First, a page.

Dacast offers an API-based secure online video platform with many high-end features available at all plan levels. The first plan costs only $39 per month billed annually. Dacast also offers pay as you go pricing. This customizable option allows you to buy a bulk amount of bandwidth for a single, standalone live event. Our platform also supports continuous live streaming with 24/7 support at all plan levels. Additionally, all Dacast plans are white-label with options for custom branding.
In terms of security features, Dacast supports geographic (IP) restrictions, referer restrictions, password protection, and a tokenized secure delivery system – included at all plan levels. Interested to test out our features for yourself? You can easily try out even the Scale plan at $188/month, including the following features: monetization, ad-insertion, real-time analytics, and video API, with our 30-day free trial.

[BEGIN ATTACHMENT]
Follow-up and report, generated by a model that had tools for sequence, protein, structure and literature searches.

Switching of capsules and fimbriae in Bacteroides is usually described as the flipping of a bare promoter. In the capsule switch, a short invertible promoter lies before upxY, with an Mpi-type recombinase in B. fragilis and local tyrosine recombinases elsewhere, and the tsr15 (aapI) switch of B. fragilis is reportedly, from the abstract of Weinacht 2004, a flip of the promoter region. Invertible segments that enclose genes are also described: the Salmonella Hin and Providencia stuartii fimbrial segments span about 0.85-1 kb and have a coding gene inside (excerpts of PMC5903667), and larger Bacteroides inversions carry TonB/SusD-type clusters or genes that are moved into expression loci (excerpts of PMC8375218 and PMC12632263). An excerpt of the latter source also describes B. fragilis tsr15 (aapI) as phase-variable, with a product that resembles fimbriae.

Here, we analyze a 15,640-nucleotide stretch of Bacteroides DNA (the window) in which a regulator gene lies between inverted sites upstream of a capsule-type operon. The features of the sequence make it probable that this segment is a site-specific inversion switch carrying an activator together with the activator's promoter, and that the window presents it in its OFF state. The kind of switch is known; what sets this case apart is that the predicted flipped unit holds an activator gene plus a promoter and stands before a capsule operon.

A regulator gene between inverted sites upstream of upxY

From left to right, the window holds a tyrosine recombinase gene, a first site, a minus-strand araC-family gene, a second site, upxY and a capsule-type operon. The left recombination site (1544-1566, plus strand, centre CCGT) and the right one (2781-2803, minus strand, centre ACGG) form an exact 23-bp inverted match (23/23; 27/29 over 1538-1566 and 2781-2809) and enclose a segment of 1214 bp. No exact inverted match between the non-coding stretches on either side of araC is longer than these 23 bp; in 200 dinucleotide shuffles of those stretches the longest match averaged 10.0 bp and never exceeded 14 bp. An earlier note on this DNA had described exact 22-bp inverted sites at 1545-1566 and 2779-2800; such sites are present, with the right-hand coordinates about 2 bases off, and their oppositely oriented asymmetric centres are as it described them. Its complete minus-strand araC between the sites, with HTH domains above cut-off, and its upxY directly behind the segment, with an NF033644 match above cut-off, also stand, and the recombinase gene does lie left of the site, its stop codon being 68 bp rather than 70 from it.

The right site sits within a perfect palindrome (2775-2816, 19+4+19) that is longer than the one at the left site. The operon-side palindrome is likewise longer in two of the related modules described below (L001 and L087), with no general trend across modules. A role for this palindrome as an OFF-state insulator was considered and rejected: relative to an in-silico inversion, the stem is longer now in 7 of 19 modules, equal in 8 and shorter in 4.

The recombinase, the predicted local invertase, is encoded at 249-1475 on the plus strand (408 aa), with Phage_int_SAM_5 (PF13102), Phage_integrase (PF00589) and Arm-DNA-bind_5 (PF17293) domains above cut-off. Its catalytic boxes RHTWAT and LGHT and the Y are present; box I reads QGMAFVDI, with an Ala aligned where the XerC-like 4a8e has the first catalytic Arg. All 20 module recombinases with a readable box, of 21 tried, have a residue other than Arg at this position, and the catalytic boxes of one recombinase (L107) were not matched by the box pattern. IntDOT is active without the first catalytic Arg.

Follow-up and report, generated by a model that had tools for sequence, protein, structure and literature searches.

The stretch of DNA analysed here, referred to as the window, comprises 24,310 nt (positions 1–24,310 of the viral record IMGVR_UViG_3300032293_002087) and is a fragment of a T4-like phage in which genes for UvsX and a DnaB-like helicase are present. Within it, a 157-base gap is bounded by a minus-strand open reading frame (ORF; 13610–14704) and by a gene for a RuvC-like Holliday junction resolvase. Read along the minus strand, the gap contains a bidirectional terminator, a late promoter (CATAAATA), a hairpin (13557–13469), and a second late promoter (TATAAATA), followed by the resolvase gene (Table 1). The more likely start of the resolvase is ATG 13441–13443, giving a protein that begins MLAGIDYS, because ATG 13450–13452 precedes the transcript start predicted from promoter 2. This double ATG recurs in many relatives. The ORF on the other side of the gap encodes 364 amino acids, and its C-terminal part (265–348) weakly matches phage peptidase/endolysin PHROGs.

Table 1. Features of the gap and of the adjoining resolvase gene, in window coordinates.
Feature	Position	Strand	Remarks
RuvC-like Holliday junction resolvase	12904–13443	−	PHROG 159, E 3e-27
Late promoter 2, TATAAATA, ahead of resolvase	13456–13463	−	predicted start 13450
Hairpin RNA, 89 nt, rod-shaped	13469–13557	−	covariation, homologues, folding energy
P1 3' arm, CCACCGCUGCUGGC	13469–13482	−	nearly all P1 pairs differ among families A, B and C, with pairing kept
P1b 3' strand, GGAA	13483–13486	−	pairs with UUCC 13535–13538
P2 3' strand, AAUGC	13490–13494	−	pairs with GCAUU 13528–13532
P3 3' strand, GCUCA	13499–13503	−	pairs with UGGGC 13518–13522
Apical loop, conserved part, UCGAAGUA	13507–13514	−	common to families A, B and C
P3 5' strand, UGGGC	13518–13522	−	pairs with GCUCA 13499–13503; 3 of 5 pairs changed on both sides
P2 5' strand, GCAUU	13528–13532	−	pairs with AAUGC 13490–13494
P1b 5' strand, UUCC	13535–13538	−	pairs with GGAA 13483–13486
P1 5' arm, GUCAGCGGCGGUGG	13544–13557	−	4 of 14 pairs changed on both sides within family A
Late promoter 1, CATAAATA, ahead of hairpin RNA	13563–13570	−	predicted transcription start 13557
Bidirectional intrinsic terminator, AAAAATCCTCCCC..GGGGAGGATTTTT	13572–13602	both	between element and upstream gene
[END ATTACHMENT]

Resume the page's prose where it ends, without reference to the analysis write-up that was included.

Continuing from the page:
Finally, Dacast’s “Streaming as a Service” model means that our platform is easy to set up and use for even complete streaming newcomers. At the same time, we offer high-end features and access to the Akamai live streaming CDN to support experienced businesses and larger-scale businesses.
Why HLS streaming?
As promised, we’ve considered a selection of online video platforms for HLS streaming. So let’s address the underlying question: why HLS streaming?
HLS, or http live streaming, refers to a specific live streaming delivery protocol. HTTP live streaming is not the only protocol, but it is the most widely used. And for good reason: HLS is compatible with iOS, Android, macOS, Windows, Linux, as well as a wide variety of Smart TVs, gaming consoles, and other devices.